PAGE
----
Dr. Becky Maes - Is It Bad For You? Approved by Dr. Becky Maes

Is Riboflavin Bad For You?

Also Known As: vitamin B2



Short answer

Riboflavin is not bad for you. In fact, it’s an essential B vitamin that is required for the growth, development and normal function of our skin, blood cells, digestive lining and more.



Long answer

Riboflavin is a B-complex vitamin that enables the body to perform vital physiological functions. It helps you create energy by converting carbohydrates into glucose, and helping to metabolize fats and protein. Additionally, B vitamins are crucial for healthy tissue: your liver cells, digestive lining, skin, hair, and eyes.

Riboflavin is also a powerful antioxidant, which aids in the fight against harmful free radicals. Free radicals are damaging to your cells, and that destruction contributes to a number of aging and serious health conditions. Because of its antioxidant properties, riboflavin has been effectively used to treat cataracts, migraine headaches, and hyperhomocysteinemia. 

So how can you ensure you’re getting enough riboflavin? Watch what you eat. Because like all B vitamins, riboflavin is water soluble... which means your body cannot store it. For this reason, you have to get enough of it in your daily diet. Fortunately, this is easy to do because it occurs naturally in so many foods. Riboflavin is found in leafy vegetables, kidneys, livers, legumes, mushrooms and dairy products like milk, cheese, and eggs. Additionally, many breakfast cereals and grains are fortified with vitamin B.

So what happens if you don’t get enough riboflavin? Severe riboflavin deficiency results in stomatitis, which causes painful swelling and chapping of the tongue, throat, lips and skin around the mouth. It also makes your eyes itchy and bloodshot, and they become incredibly sensitive to light. Most severely, riboflavin deficiency interferes with your body’s ability to absorb iron, which can result in anemia.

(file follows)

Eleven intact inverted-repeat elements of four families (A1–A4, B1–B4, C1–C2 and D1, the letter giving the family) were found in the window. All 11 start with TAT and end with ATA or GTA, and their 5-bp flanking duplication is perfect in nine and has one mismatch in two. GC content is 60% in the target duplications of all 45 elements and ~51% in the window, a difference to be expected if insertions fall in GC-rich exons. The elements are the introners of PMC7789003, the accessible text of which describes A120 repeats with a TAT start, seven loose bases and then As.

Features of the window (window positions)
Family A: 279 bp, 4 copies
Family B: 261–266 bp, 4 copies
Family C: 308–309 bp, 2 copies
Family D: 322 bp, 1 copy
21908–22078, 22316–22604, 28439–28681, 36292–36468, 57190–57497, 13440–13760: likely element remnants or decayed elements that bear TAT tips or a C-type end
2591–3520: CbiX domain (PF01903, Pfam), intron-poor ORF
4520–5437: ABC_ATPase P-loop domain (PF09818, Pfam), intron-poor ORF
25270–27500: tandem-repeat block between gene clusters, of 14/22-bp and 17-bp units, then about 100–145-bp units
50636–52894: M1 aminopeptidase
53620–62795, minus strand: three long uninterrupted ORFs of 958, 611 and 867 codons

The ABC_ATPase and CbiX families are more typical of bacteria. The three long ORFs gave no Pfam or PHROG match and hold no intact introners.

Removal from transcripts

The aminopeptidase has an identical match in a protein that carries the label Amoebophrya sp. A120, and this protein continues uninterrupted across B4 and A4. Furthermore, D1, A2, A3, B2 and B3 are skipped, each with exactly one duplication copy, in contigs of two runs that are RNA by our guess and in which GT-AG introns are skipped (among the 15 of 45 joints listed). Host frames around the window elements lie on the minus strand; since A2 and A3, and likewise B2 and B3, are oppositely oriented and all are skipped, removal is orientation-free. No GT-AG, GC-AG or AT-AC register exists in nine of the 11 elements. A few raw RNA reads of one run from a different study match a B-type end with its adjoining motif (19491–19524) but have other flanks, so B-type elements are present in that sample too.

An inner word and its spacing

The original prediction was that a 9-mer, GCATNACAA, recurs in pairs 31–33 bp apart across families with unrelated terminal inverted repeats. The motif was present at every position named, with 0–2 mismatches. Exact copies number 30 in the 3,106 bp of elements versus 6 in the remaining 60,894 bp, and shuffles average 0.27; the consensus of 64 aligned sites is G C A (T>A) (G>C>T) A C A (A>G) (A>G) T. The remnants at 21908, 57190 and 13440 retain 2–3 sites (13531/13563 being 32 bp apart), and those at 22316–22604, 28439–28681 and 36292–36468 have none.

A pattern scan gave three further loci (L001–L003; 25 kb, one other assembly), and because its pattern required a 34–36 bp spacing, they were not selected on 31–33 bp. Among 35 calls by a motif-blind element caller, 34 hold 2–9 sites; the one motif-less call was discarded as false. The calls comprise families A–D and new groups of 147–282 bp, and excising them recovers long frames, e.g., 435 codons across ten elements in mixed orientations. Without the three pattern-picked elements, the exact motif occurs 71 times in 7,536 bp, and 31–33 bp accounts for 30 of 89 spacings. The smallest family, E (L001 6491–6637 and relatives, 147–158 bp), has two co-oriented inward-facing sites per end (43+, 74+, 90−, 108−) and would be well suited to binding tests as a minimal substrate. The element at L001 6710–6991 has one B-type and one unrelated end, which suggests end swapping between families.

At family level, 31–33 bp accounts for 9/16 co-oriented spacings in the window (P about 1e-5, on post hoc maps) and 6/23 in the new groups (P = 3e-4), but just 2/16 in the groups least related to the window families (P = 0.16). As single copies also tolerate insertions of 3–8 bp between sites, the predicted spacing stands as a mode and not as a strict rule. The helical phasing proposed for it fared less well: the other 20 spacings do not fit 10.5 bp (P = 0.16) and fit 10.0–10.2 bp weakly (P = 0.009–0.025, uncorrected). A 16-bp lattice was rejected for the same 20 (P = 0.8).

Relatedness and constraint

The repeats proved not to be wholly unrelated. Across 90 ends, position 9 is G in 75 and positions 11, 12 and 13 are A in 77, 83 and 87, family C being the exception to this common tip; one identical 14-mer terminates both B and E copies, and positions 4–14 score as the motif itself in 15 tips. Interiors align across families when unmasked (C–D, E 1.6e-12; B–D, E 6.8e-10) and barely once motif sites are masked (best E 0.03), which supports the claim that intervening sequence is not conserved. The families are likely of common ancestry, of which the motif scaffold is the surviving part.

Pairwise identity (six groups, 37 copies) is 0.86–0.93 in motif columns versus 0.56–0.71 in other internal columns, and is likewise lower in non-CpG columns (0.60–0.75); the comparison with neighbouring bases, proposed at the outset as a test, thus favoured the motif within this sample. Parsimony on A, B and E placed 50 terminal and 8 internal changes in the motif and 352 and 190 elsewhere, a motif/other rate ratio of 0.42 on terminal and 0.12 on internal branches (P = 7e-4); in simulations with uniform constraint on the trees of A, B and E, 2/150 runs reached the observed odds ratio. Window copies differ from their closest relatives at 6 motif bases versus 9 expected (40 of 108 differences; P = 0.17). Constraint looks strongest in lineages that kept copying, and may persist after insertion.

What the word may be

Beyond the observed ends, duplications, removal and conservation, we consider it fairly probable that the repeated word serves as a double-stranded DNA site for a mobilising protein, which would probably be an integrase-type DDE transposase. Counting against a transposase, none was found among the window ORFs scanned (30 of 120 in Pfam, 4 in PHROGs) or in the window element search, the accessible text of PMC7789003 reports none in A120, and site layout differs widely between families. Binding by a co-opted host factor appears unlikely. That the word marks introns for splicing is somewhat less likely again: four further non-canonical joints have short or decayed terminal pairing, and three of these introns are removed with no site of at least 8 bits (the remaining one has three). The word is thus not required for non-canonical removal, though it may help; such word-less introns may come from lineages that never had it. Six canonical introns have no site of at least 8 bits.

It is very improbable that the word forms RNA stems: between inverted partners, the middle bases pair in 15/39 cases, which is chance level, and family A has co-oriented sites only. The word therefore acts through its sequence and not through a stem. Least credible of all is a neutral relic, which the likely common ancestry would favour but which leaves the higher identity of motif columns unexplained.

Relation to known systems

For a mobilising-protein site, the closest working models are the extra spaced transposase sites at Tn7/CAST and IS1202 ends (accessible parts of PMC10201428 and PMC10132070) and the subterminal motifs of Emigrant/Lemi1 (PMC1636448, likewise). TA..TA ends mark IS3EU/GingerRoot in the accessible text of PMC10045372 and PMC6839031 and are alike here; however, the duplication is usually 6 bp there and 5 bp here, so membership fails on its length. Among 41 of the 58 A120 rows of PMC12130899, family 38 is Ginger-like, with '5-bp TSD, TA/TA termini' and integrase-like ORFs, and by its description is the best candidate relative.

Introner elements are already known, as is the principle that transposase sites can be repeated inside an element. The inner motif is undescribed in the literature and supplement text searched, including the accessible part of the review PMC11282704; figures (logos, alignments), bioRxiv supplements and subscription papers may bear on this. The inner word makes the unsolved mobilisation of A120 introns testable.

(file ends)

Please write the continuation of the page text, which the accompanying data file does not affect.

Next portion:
Fortunately, riboflavin deficiency is more common in third world countries than it is here in the United States. But it can happen, and the elderly are at a particularly higher risk.

If you’re not getting enough riboflavin in your diet, there are over-the-counter supplements that you can take. However, those do carry side effects of their own. In some cases, these supplements may cause your urine to change to a yellow-orange color. This does not indicate a serious problem, it is just an effect of how the vitamin is absorbed by the body. If you have to take riboflavin supplements in high dosages, you run the risk of more serious side effects, including diarrhea and increase in the frequency of urination.

Even though riboflavin is an essential nutrient, you should still talk to your doctor before starting a B-vitamin regimen. Certain drying or depression medications may react with riboflavin supplements, either decreasing or increasing how much is absorbed by your body.

Possible short-term side effects

  • yellow-orange urine
  • diarrhea
  • increase in frequency of urination
  • interaction with certain drying/depression medications

Commonly found in

  • liver
  • kidney leafy vegetables
  • legumes
  • mushrooms
  • dairy products
  • breakfast cereals
  • fortified grains


  • helps body create energy
  • improves skin, eye, liver, digestive health
  • fights free radicals
  • treats migraines, cataracts, and hyperhomocysteinemia

Thank you for your feedback!

View Sources | Written by Rachel Adams
Published on: 11-30-2016
Last updated: 12-10-2016

Thank you for your feedback!

View Sources
Written by Rachel Adams
Published on: 11-30-2016
Last updated: 12-10-2016

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